Core Faculty: Winnifred Sullivan, Richard Miller, Lisa Sideris, Aaron Stalnaker
Affiliate Faculty: Constance Furey, Michael Ing, Shaul Magid, Richard Nance
Associated Faculty: Daniel Conkle
Requirements for Admission to the Doctoral Program
Establishing proficiency in at least one foreign language prior to admission is strongly recommended. Normally this would be French or German.
Areas of Concentration
Areas of concentration include, but are not limited to:
European and/or American thought and criticism
Comparative Religious Ethics
Theoretical and Practical Approaches to Ethics (e.g., religion and bio-ethics, environmental ethics, political thought and ethics)
Theories of Culture and Society
None beyond the departmental requirements.
Demonstrate competence in French and German (another language of scholarship such as Chinese can be substituted for one of these with the approval of the DGS).
Potential outside minors include, but are not limited to: Philosophy, Political Science, East Asian Languages and Cultures, American Studies, Jewish Studies, English, History, History and Philosophy of Science, Gender Studies
Other Requirements or Expected Activities
Each student is expected to participate in the EPP workshop, a monthly meeting of students and faculty who meet to discuss work-in-progress. Before completion of the doctoral degree, each student will make at least one presentation in this context.
A series of written exams over two weeks totaling 12 hours, followed by an oral exam. Typically these exams will include four units: one unit will be a field exam broadly covering ethics, philosophy, and politics in the study of religion; one unit each on two areas of concentration; and one unit that furthers individual students’ planned dissertation research.
VI. History of Christianity
Students in this field will acquire a broad understanding of the history of the western Christian traditions and master the skills to do independent and original research on some area of specialization within that range. The field's central scholarly focus is the relationship between Christian traditions and western European and American cultures, study of which is multidisciplinary and requires working with colleagues and students from other departments and programs in addition to Religious Studies (e.g. Art History, English, Classical Studies, History, Philosophy, Romance and Germanic Literature and Languages, and Medieval and Renaissance Studies). Currently the department is particularly well-prepared to support topics that focus on Christianity in Late Antiquity (through 500 C.E.) and Early Modern Europe (1400-1700 C.E.).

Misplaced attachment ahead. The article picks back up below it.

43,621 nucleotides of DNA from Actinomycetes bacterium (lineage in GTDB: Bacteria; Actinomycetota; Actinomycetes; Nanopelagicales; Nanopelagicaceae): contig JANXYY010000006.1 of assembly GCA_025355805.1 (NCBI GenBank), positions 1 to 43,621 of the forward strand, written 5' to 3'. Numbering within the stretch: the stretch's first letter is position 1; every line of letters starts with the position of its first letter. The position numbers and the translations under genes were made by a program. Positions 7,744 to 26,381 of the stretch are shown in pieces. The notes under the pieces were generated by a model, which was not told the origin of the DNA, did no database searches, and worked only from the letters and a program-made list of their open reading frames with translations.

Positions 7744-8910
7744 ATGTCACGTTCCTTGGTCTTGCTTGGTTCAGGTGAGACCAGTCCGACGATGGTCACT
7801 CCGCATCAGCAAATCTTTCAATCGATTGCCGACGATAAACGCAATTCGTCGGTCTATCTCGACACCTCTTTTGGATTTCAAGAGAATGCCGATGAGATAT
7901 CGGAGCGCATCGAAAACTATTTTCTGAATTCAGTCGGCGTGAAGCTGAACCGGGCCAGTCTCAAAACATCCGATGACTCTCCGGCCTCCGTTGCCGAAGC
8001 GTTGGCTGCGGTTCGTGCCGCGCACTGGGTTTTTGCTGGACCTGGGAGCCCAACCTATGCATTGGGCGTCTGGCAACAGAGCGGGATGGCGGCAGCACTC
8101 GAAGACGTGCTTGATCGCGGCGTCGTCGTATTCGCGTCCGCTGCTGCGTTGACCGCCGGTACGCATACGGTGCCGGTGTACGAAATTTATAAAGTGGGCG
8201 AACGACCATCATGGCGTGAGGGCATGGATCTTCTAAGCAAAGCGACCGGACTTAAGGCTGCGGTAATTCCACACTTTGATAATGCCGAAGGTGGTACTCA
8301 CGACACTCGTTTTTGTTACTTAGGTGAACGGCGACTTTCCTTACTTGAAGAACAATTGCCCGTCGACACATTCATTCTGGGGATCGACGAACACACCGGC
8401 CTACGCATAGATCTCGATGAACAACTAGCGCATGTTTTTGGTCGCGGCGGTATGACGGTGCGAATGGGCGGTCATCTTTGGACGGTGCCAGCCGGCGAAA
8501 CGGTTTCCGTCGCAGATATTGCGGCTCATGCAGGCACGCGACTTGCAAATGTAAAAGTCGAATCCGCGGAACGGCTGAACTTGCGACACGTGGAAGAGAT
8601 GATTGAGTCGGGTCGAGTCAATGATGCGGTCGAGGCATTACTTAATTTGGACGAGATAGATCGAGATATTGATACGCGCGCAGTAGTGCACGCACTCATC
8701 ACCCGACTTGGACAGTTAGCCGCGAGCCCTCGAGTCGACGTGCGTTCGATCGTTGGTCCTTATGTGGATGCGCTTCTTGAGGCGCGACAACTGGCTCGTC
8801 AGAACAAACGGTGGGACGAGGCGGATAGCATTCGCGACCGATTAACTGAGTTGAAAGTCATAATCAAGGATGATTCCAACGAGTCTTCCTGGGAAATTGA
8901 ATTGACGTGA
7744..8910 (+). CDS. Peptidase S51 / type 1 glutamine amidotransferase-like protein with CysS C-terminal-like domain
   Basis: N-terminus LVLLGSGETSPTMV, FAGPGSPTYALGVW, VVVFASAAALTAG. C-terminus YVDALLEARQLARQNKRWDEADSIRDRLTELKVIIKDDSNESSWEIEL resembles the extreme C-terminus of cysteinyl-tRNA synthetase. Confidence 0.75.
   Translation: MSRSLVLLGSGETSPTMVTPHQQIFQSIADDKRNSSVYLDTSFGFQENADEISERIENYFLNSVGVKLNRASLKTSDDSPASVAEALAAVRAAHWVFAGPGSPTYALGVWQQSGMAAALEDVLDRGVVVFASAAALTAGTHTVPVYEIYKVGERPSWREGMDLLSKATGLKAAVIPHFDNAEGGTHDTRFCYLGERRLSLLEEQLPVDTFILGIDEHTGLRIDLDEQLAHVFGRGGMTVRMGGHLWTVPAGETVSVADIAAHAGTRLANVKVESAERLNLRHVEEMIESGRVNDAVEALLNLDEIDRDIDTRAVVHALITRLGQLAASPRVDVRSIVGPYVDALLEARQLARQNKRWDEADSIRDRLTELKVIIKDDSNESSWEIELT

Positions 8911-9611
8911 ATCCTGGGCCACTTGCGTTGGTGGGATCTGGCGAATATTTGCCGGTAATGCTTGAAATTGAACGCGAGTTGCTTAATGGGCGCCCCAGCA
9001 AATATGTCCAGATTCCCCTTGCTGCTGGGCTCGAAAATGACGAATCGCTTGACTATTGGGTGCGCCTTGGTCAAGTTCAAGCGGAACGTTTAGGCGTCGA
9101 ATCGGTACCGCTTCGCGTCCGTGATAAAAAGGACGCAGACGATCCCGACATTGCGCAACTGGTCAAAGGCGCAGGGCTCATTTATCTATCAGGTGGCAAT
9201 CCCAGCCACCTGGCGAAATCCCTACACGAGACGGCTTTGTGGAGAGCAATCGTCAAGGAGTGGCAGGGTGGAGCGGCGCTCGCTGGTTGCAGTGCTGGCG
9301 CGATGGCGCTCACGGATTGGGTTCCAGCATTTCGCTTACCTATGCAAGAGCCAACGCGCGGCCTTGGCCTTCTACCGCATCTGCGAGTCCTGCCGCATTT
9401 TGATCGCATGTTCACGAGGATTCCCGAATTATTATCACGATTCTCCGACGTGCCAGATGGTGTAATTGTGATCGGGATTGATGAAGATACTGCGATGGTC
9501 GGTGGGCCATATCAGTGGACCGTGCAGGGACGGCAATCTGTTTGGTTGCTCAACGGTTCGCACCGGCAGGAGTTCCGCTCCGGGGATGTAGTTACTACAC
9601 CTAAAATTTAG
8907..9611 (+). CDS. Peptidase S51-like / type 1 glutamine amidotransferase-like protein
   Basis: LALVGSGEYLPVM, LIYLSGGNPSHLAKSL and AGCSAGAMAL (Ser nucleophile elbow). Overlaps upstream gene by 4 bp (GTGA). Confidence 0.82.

Core Faculty: Constance Furey, Patrick Michelson, Jeremy Schott, Aaron Stalnaker
Affiliate Faculty: Candy Gunther Brown, Paul Gutjahr, Ed Linenthal
Associated Faculty: Deborah Mauskopf Deliyannis (History), Karma Lochrie (English)
Special admissions requirements: Students applying to the doctoral program in History of Christianity should have or be completing a masters program in a relevant or cognate field. They must have studied Latin through the intermediate level. Depending on proposed topics of study, additional language preparation may be desirable.
Primary and secondary areas: Students choose a primary area of concentration and a secondary area from the following:
Ancient Christianity (through 500 C.E.)
Early Modern Christianity (1400-1700 C.E.)
Early Modern Christianity
Christianity in the Americas
Recommended Courses: Students should consult the following list for recommended courses that help to prepare for the qualifying examinations in these areas as either primary or secondary areas. Each of these courses has a special section for graduate students. All students in the field are strongly encouraged to take the sequence of courses R327/521, R330/531, R331/531 if they have not had such an overall survey at the masters level.
Jesus and the Gospels(R320/521)
Paul and his Influence in Early Christianity(R325/521)
Christianity, 50-450 (R327/521)
Medieval and Early Modern Christianity
Christianity, 500-1500 (R330/531)
Christianity, 1500-present (R331/531)
Seminar on the Reformations (R630)
Colloquium on North American Religious History (R635)
Language Requirements: All students must demonstrate reading knowledge of French and German, and in addition to Latin, students whose primary area of concentration is Ancient Christianity must demonstrate competence in ancient Greek through either departmental examination or two years of coursework. Depending on their research interests, students in either Ancient or Early Modern Christianity may have to do work in other languages as well.
Outside Minor: Possible outside minors for History of Christianity students include Ancient Studies, Medieval Studies, Renaissance Studies, Jewish Studies, Classical Studies, History, English, French, Italian, Spanish and Germanic Languages and Literature, Comparative Literature, and Art History.
Qualifying Examination: There are five written exams, taken over a period of two weeks, followed by an oral examination. Students are encouraged to get and begin preparing the bibliographies for their primary and secondary areas early in their doctoral coursework.
- Historical and cultural context relevant to the primary area (e.g., Christianity in Late Antiquity, Christianity in Early Modern Europe) (2 hours). Bibliography is determined through consultation between the student and the relevant faculty member.